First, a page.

Chapter 20
The Lymphatic System and Lymphoid Organs and Tissues
757
20
What do all these organs have in common? Except for the
thymus, all are composed of reticular connective tissue. Al-
though all lymphoid organs help protect the body, only the
lymph nodes filter lymph. Te other lymphoid organs and tis-
sues typically have efferent lymphatics draining them, but lack
afferent lymphatics.
Spleen
Te soF, blood-rich
spleen
is about the size of a fist and is the
largest lymphoid organ. Located in the leF side of the abdomi-
nal cavity just beneath the diaphragm, it curls around the ante-
rior aspect of the stomach (±igure 20.5 and
Figure 20.6
). It is
served by the large
splenic artery
and
vein
, which enter and exit
the
hilum
on its slightly concave anterior surface.
Te spleen provides a site for lymphocyte proliferation and
immune surveillance and response. But perhaps even more
5.
What is the benefit of having fewer efferent than afferent
lymphatics in lymph nodes?
For answers, see Appendix H.
Other Lymphoid Organs
Name and describe the other lymphoid organs of the body.
Compare and contrast them with lymph nodes, structurally
and functionally.
Lymph nodes are just one example of the many types of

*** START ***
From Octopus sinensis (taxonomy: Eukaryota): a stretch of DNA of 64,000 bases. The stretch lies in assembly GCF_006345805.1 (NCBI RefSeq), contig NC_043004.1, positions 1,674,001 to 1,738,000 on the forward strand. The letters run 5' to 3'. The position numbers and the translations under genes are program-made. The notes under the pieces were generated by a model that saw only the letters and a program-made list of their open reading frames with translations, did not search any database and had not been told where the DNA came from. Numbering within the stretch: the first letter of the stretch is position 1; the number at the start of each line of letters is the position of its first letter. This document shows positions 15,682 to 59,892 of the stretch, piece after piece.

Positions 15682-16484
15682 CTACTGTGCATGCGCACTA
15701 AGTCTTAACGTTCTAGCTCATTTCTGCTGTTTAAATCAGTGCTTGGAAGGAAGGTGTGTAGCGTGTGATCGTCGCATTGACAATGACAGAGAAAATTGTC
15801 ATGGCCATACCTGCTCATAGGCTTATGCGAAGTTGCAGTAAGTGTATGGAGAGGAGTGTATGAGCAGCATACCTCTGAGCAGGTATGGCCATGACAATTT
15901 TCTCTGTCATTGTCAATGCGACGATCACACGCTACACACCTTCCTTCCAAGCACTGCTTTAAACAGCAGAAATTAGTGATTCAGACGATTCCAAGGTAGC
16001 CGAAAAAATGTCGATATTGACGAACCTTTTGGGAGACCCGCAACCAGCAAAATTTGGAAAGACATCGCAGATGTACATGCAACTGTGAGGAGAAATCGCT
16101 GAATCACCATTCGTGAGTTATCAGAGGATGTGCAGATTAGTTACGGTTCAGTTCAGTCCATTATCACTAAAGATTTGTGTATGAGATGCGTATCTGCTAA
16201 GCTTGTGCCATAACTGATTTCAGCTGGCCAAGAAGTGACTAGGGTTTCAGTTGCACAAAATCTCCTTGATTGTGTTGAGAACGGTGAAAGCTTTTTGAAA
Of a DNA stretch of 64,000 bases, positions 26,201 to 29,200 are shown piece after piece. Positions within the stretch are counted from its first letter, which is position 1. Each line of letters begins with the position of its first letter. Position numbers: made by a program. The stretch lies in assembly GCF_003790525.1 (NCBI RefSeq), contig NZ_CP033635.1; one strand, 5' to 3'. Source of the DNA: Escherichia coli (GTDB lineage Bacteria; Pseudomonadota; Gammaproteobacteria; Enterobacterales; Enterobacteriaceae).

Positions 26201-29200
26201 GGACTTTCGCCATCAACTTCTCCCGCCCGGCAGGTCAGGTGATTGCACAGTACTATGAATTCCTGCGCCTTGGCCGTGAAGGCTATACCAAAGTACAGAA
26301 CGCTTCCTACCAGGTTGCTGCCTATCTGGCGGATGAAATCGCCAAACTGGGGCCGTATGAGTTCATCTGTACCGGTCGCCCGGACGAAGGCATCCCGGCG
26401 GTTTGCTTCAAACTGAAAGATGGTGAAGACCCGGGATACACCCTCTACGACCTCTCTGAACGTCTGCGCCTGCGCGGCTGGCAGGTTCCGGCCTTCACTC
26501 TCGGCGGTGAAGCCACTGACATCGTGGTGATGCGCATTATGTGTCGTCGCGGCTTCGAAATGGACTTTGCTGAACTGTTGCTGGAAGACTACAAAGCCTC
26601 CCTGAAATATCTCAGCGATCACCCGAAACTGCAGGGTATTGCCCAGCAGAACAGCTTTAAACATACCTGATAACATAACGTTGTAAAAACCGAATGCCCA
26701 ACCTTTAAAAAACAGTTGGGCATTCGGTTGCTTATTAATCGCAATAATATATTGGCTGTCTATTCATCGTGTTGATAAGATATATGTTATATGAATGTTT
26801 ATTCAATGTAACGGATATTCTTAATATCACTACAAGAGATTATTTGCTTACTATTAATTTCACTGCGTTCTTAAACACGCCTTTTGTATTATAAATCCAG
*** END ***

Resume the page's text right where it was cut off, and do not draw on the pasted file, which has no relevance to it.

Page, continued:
lymphoid organs
, or aggregates of lymphoid tissue, in the
body. Others are the spleen, thymus, tonsils, and Peyer’s
patches (aggregated lymphoid nodules) of the small intes-
tine
(Figure 20.5)
, as well as bits of lymphoid tissue scat-
tered in the connective tissues.
Splenic artery
Arterioles
and
capillaries
Splenic vein
Hilum
Capsule
Trabecula
Splenic sinusoids
Red pulp
Splenic cords
White pulp
Central artery
Splenic artery
(a) Diagram of the spleen, anterior view
Splenic vein
(b) Diagram of spleen histology
(c) Photograph of the spleen in its normal position in the
abdominal cavity, anterior view.
Diaphragm
Spleen
Adrenal
gland
Splenic
artery
Pancreas
Left
kidney
(d) Photomicrograph of spleen tissue (30
m
).
The white pulp,
a lymphoid tissue with many lymphocytes, is surrounded by
red pulp containing abundant erythrocytes.
Capsule
White pulp
Red pulp
Figure 20.6
The spleen.
(For a related image, see
A Brief Atlas of the Human Body
, Plate 39.)
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